In summary, after assessing Greco’s virtue reliabilism, his hypothesis failed to be resilient based on the objections mentioned above.  First, the generality problem holds force since Greco appeals to contextualism in order to escape the objection, but we have seen how knowledge does not shift from context to context as proposed, instead, there are instances when knowledge dissolves due to the context shift as the example Yourgrau illustrated. Lastly, the objection from testimonial knowledge, showed that there are occasions in which knowledge is obtained independent of an individual’s abilities, therefore, based on Greco’s hypothesis, the individual does not have knowledge because it wasn’t generated by the individual’s personal abilities.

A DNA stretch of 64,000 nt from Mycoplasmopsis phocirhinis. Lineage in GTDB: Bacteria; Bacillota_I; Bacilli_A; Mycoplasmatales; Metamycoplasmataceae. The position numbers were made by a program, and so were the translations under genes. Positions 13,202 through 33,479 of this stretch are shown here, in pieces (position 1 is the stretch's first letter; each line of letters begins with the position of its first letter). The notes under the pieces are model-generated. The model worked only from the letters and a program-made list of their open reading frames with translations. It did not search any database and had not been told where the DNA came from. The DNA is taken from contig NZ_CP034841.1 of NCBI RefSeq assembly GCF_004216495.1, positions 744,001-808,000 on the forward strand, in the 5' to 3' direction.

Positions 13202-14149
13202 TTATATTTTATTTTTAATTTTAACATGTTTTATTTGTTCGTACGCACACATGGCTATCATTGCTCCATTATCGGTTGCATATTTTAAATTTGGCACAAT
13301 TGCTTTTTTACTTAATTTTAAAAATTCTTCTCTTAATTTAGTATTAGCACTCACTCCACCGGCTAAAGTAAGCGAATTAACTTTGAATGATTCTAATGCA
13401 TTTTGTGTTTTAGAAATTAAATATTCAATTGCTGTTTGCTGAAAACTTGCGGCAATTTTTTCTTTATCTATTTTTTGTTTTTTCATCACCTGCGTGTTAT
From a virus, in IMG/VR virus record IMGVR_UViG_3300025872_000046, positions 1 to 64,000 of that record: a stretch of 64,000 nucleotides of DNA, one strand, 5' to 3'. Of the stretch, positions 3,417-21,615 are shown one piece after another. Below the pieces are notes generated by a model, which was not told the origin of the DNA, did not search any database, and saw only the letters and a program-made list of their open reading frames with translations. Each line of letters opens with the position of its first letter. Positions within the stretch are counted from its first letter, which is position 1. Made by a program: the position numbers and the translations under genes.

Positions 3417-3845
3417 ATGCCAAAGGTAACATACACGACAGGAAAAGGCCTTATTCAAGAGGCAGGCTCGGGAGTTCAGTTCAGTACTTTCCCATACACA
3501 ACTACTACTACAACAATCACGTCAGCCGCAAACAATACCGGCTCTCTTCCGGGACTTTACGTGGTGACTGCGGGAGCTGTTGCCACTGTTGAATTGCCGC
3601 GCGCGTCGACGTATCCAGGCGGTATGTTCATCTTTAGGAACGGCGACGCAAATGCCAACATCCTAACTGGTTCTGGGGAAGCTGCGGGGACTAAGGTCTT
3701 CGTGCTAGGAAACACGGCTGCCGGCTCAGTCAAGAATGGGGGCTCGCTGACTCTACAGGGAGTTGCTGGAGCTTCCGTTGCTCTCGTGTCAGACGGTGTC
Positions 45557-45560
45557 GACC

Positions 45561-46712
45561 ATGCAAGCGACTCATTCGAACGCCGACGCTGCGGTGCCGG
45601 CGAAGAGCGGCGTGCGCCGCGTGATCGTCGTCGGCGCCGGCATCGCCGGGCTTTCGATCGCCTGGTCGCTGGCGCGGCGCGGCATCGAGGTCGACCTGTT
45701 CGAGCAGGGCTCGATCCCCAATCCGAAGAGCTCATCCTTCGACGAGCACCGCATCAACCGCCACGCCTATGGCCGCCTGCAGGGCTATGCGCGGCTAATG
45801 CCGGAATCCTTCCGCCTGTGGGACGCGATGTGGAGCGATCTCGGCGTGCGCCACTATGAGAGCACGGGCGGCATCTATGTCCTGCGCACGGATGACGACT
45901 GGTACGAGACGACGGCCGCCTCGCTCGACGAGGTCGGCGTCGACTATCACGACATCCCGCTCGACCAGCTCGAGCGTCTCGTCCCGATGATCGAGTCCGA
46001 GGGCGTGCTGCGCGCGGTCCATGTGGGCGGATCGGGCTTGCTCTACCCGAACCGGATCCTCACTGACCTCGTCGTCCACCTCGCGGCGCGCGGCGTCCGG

1. Moreland, James Porter; William Lane Craig (2009-08-20). Philosophical Foundations for a Christian Worldview. Intervarsity Press. Kindle Edition.
  2. Greco, John. (2006) The Nature of Ability and the Purpose of Knowledge. Saint Louis University.
  3. Sven Bernecker. Reading Epistemology: Selected Texts with Interactive Commentary. Kindle Edition.
  4. Black, Tim. (Accessed Spring 2014) Contextualism in Epistemology. Internet Encyclopedia of Philosophy. California State University, Northridge, USA.